Here it's a flat cut of the value of the estate for estates over a set value, which is pretty high, in fact way higher than the average American will ever go (this doesn't include insurance, which falls into a different situation which isn't taxable). Of course we Americans like to think that any one of us are likely to die rich, regardless of how unrealistic that expectation is, and otherwise the Republicans, who by and large have fought the estate, a.k.a. "death" tax, have done a good job convincing a wide swath of people that would never be affected by this that they would be - Mack's bs about selling the land is a typical case of deception.

While hardly laying claim to a strong historical sense of the Soviet Union's economic history, I don't think what brought that country down was rampant borrowing. The underpinnings of that country's economy on the whole were never strong, and the overall inefficiencies and misplaced priorities associated with how the economy was managed, along with the heavy focus on defense as opposed to providing directly for the people, were what undid the USSR. We're not facing that sort of situation here, but a legitimate concern/question is when is borrowing too much, especially when you're so ridiculously committed to not raising taxes to pay for things when the money is due, and regardless of however much is due where do we get off passing our debts off to our kids?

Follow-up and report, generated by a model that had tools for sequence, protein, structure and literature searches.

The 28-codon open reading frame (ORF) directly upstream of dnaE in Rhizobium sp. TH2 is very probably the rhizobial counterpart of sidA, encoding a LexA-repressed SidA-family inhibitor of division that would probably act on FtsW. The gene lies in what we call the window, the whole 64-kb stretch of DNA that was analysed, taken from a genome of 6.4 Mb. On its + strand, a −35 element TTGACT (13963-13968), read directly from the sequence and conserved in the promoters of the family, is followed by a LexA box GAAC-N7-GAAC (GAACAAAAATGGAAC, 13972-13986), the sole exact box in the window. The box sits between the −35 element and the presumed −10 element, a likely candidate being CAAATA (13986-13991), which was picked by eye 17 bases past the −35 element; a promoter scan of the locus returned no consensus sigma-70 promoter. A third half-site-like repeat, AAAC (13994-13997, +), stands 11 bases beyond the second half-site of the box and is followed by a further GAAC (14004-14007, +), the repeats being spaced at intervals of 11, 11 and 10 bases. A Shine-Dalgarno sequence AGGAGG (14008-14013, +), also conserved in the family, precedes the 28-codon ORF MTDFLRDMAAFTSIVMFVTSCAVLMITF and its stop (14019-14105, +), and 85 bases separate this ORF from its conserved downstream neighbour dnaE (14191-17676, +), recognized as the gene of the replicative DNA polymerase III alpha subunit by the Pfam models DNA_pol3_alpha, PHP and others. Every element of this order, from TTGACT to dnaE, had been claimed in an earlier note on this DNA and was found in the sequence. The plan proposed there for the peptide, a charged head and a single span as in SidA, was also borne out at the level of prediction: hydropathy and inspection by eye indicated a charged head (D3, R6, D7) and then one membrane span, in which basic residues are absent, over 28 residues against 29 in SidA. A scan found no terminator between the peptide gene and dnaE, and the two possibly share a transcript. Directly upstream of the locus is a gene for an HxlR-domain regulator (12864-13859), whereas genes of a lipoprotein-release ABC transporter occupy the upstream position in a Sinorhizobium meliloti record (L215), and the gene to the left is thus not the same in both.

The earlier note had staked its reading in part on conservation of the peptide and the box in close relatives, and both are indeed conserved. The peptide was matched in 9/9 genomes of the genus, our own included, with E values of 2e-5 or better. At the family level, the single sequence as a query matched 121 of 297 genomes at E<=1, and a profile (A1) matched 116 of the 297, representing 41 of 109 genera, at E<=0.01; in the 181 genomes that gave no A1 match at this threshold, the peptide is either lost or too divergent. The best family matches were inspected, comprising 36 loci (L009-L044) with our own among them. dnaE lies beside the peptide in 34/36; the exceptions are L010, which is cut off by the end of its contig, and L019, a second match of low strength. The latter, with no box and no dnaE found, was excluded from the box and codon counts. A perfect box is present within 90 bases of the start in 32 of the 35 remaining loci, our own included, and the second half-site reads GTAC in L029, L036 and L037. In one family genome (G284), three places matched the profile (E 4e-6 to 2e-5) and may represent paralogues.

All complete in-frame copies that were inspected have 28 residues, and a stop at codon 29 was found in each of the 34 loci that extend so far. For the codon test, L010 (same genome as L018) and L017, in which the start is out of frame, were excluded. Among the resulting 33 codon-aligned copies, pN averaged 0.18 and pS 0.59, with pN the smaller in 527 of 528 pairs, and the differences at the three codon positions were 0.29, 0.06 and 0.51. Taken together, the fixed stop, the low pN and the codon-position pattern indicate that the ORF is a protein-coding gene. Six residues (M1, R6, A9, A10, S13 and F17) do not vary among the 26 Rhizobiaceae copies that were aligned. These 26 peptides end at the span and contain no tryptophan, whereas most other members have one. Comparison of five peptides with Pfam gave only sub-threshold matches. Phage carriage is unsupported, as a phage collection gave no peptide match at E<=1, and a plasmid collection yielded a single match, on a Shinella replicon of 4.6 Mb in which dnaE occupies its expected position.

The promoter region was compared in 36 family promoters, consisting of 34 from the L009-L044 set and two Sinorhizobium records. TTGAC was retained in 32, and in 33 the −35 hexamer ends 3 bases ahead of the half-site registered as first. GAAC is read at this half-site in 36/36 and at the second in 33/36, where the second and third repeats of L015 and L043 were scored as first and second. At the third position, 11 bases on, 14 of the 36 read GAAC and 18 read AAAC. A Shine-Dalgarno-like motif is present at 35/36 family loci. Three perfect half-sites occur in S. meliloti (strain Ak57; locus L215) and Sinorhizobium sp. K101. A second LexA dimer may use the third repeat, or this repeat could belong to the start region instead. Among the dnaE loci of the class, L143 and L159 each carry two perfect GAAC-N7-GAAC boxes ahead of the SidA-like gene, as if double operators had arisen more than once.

4:52 AM  
Blogger Africanuck said...

I can't disagree with the fact that the ecomony of the USSR was highly inefficient. But with the arms race combined with poor economic performance, they did spend their way into bankruptcy. What disturbs me is that the US is putting itself into the position of weakness. I doubt that this has escaped China, who will most certainly use the leverage that this gives them at one point or another.

The idea of passing debts on to the children is repulsive to me. So is the idea of putting the whole country into a position of weakness in regards to what will probably be the next big challenge, China.

5:35 PM  
Blogger James said...